Furie, the highest grossing Vietnamese movie of all time, took North America’s digital platform by storm last month. What’s perhaps even more notable is how the vehicle has propelled Veronia Ngo to action heroine status. Ngo (Bright, Star Wars: The Last Jedi) stars as provoked mother Hai Phuong who will do anything (and fight anyone) to save her kidnapped daughter.
Wylie Writes’ Shannon Page (who dug Furie and called Ngo’s performance “gripping and committed”) was honoured to ask the rising action star about her latest film, as well as pick her brain about martial arts filmmaking and what she hopes Furie’s success means for the future of Vietnamese cinema.
Shannon Page: Congratulations on the success of Furie! What drew you to this role? Do you see any of yourself in Hai Phuong?
Veronica Ngo: Thank you for your nice words! The motivation for me to take on this role in Furie is my passion for martial arts and professional crafted battles. Furie is also the film marks my return as an action star after 12 years I focused on producing my movie projects. The similarity between Hai Phuong and me is the love for family, the determination to pursue the right thing.
SP: Furie was full of memorable action sequences. Which one was the most challenging to film?
VN: Furie has a total of seven heavy actions scenes and six small ones. The martial arts mainly used in the film is “Vovinam” – a Vietnamese martial art that requires physical strength and endurance from actors. The final combat with the boss, Thanh Soi, was a scene that had completely devastated my strength for this movie. It took one week – continuously – to film this last battle. After finishing this scene, I could not control my body movement. It was really a terrifying challenge that I experienced.
SP: In your opinion, what are the most important elements of a good martial arts film?
VN: In my opinion, the important factors to make a good martial arts film are the logical and tight plots, as well as the action sequences. The latter needs to bring a “real-feel” for audiences. In Furie, we have all of those factors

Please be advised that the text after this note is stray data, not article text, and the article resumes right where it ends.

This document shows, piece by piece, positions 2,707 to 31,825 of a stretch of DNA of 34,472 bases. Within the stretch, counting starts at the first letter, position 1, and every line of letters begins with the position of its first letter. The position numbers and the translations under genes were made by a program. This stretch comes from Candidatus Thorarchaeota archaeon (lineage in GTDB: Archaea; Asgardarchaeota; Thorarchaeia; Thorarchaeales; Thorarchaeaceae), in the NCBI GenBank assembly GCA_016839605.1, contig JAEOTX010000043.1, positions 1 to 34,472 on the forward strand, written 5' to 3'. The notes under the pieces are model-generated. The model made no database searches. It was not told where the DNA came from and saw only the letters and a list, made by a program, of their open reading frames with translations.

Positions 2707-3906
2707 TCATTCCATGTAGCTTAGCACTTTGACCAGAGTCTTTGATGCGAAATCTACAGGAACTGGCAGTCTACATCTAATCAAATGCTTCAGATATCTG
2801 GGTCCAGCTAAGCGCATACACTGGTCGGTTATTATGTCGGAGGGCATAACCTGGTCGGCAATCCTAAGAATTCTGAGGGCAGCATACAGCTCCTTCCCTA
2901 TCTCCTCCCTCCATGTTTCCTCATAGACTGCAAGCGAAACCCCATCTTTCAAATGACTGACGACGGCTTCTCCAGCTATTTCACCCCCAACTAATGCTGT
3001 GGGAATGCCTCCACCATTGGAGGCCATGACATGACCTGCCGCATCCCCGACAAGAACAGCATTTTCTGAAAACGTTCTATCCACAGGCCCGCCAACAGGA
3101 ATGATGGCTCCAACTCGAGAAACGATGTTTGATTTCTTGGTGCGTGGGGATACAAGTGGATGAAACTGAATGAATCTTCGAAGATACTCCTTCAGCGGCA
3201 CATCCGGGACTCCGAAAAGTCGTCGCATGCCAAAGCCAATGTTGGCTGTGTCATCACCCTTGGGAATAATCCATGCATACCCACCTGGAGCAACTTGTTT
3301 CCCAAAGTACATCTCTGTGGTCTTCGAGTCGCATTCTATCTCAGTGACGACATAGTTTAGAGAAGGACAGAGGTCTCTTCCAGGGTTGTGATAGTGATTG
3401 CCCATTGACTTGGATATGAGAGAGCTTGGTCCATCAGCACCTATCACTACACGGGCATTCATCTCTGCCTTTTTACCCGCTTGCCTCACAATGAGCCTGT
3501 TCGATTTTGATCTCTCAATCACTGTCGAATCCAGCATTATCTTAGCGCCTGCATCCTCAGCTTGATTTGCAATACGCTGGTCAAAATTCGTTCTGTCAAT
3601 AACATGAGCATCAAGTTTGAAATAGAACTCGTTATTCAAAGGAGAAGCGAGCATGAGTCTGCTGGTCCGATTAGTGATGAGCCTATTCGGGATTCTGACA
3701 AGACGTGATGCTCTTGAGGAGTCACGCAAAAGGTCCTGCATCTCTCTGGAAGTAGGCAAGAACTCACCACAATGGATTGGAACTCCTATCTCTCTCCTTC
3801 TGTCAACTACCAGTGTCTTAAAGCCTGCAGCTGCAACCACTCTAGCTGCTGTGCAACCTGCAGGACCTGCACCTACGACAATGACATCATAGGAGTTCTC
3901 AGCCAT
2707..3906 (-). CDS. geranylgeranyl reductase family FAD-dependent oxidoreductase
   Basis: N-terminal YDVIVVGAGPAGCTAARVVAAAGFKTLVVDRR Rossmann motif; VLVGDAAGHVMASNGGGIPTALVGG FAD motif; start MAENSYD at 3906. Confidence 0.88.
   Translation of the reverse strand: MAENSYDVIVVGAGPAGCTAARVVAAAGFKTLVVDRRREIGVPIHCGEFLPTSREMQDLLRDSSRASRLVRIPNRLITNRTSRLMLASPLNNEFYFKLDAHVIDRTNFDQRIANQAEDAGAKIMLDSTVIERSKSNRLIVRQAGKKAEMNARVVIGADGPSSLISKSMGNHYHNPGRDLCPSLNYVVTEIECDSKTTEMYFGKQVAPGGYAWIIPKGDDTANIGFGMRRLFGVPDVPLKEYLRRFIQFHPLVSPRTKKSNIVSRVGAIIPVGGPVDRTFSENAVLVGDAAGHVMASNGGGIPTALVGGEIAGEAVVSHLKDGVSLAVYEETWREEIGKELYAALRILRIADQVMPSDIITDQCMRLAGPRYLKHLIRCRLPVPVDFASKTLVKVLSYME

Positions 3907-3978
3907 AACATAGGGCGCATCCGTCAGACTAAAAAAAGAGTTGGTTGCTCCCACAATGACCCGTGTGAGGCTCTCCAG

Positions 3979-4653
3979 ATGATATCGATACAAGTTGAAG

SP: Were there any female heroines that inspired you growing up?
VN: Angelina Jolie is the symbol I want to follow.
SP: You have previously worked on American films like Bright and Star Wars: The Last Jedi. Do you see yourself doing more American films in the future?
VN: Currently, I am participating in The Old Guard, a movie by director Gina Prince-Bythewood starring Charlize Theron, KiKi Layne, Marwan Kenzari, Matthias Schoenaerts and Chiwetel Ejiofor. For me, playing a role in an international film is a great opportunity for me to be able to expand my relationship and learn how to make films in the world’s most professional film industry. When opportunities come, I am always trying to arrange my schedule and prioritize working with them.
SP: In addition to film, your career has also spanned television, music and modeling. Do you have any plans to return to these other areas?
VN: Currently, I just want to focus all of my efforts on making films. My goal is to introduce Vietnamese culture and people to audiences around the world through my produced films. To be an actress is my passion, but my goal is to always develop cinema from my home country.
SP: The film seems to be resonating well with North American critics (and audiences). Do you think that Furie will pave the way for other Vietnamese films to reach a broader global market?
VN: Furie is considered to be the first movie that Vietnam could release almost at the same time in North America. The screenings were increased everyday in North American markets because of the continuous compliments from audiences and the good reviews from popular U.S critics. China will be the next market that Furie will be released in.
I hope Furie will act as a motivation for Vietnamese filmmakers to produce more high-quality film projects, and acquire more opportunities in international markets.
Furie is now available on DVD, Blu-ray, VOD, and Digital HD.
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Shannon Page: @ShannonEvePage